Tenant’s Early Termination Request Could Cost Landlord

by | Jul 16, 2012 | Tenant Screening

Q:  I have a tenant who has fulfilled eight months of his one year lease. He and his wife have just had a new baby and now find the place too small.

They asked me in June if they could assign his lease to somebody else. I gave permission for him to do that – he wants to vacate by the 1st of August.

I thought I was being helpful and found a new tenant on my own (by dropping the rent by 100.00 a month). The problem is, my  new tenants aren’t prepared to take the lease over until the 1st of September. To complicate matters, my present tenant found a couple prepared to assume his lease for 2 years and are prepared to move in the 1st of August – which is when my present tenant wants out of his commitment.  Do I have to give him a refund on August rent (last month) since I have denied his choice of tenants because I already took a deposit from another couple who can’t move in until September?

I would like your advice. – TVS Landlord

One of the reasons that this situation is complicated is that it appears there were a series of miscommunications between you and tenant.

For instance, did you agree to relieve the current tenant from the lease as of August 1st?

With an assignment or sublet, it is important that the landlord provide some guidelines for who can move into the property.  It is imperative that each of these new occupants undergo a tenant background check to verify income, credit, and tenant-worthiness.  This will not only minimize the risk of income loss — a landlord owes it to other tenants who may be exposed to these new residents.

However, the situation you are describing sounds more like a lease termination. That’s because the new lease will run beyond the term of the current lease. This distinction will be a factor in determining whether you can collect the August rent.

Generally, a current tenant will be required to pay rent through the term of the original lease.  If they move out early, they will be liable for the remaining rent.  By the way, when renting to a couple, both should be obligated on the lease. 

It is entirely up to your goodwill whether to allow this tenant to break the lease early — and you are being kind by agreeing to accommodate the request to find a larger place for the tenant’s expanding family.  Unfortunately, if you told the tenants that they can leave on August 1st, it now may be more difficult to hold them to the original lease. Tenancy laws vary from one area to another, so it will take a legal expert in your area to sort that out.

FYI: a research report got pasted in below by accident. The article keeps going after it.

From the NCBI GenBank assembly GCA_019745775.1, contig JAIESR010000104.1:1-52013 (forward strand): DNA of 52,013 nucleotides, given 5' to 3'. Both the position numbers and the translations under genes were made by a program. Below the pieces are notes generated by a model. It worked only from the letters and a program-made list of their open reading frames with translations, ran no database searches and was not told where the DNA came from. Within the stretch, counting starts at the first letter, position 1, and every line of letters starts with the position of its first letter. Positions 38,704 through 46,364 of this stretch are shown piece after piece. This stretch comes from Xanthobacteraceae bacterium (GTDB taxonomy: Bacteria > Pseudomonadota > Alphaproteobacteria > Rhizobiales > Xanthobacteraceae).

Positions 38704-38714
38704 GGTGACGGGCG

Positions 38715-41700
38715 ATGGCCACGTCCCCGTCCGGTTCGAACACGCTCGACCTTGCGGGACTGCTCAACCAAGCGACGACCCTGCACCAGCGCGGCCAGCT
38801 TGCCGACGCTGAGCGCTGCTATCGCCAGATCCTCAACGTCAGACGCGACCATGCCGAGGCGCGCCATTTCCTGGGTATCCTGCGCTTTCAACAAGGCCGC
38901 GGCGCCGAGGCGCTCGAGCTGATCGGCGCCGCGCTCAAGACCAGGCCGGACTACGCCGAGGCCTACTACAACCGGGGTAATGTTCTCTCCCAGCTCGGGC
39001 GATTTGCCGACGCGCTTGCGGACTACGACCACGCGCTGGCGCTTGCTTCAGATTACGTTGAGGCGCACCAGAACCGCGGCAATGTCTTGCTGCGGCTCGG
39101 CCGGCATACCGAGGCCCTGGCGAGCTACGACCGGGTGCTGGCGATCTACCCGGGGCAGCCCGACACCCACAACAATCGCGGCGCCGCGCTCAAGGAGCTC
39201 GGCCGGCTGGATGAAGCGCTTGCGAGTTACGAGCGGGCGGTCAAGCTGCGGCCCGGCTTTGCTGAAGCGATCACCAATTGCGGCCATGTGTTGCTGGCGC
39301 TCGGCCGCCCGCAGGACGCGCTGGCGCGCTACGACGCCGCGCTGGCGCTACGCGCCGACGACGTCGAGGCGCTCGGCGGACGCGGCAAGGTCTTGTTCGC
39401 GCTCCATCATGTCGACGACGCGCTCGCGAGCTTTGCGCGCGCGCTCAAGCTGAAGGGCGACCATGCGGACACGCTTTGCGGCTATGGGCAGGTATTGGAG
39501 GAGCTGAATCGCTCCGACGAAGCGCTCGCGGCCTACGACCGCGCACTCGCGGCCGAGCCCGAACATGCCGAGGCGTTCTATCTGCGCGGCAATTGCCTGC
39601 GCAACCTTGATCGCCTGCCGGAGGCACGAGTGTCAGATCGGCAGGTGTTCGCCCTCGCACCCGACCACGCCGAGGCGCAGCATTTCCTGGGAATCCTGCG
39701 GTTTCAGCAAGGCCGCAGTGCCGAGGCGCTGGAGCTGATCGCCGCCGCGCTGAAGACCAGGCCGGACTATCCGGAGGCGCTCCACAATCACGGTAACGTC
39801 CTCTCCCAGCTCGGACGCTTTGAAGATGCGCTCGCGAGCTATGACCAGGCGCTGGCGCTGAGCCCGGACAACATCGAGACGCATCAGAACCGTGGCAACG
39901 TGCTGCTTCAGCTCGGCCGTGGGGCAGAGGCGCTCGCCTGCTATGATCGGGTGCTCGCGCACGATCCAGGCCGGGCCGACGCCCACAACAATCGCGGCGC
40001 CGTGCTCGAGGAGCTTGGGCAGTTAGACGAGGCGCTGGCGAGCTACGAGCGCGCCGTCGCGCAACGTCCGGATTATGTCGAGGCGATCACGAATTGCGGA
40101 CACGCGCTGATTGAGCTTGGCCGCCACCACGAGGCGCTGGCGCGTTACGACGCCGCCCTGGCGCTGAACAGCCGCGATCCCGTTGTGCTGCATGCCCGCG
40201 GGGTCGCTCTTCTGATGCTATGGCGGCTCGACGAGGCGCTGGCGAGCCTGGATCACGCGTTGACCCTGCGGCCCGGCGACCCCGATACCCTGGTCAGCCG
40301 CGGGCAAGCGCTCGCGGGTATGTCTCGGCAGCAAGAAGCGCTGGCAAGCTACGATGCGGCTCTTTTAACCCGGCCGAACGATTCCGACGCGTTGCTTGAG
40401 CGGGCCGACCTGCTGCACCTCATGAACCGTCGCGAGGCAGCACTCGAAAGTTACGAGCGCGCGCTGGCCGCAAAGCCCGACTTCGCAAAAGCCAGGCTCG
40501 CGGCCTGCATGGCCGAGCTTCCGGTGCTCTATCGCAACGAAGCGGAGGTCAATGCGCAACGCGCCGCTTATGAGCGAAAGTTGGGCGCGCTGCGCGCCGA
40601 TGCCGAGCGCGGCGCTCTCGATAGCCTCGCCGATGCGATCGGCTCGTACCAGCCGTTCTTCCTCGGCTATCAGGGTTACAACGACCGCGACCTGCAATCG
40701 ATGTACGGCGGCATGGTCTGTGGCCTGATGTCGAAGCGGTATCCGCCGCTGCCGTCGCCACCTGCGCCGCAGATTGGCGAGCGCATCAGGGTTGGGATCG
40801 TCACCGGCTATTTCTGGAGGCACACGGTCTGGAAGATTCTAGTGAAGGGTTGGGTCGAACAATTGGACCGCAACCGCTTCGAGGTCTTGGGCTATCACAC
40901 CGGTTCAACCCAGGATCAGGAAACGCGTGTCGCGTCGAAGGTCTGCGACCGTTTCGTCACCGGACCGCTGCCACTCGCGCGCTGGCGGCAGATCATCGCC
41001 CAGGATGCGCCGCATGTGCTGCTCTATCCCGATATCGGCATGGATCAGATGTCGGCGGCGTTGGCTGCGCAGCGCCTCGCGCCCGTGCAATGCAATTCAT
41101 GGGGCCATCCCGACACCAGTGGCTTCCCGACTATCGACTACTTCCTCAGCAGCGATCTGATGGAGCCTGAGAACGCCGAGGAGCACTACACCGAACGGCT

Another miscommunication regards the potential August renters that your tenants found. What were they promised?  Did the tenant have permission to assign the remainder of the lease term to them?   

Meanwhile, it appears you did commit to rent the property to another couple for a September move-in.  Without more information, it is impossible to know whether you have one tenant, two tenants — or none!

If you want to resolve the issue short of a legal dispute, one possible solution would be to ask the current tenant to agree to remain responsible for the lease until September 1st in exchange for your agreement to terminate the lease early.  If they refuse, and if you have a binding lease with the September couple, there is a chance you may be out the August rent — which is a shame, because you were only trying to be helpful.

It is not clear if you live in an area where you are allowed to collect damage deposits, but you will also want to do a walk-through of the property when the current tenants leave, and assess any damage that may have occurred during that lease — however long it turns out to be.
This post is provided by Tenant Verification Service, Inc., helping landlords reduce the risks of renting with fraud prevention tools that include Tenant Screening, Tenant Background Checks, (U.S. and Canada), as well as Criminal Background Checks, and Eviction Reports (U.S. only).

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Disclaimer: The information provided in this post in not intended to be construed as legal advice, nor should it be considered a substitute for obtaining individual legal counsel or consulting your local, state, federal or provincial tenancy laws. 

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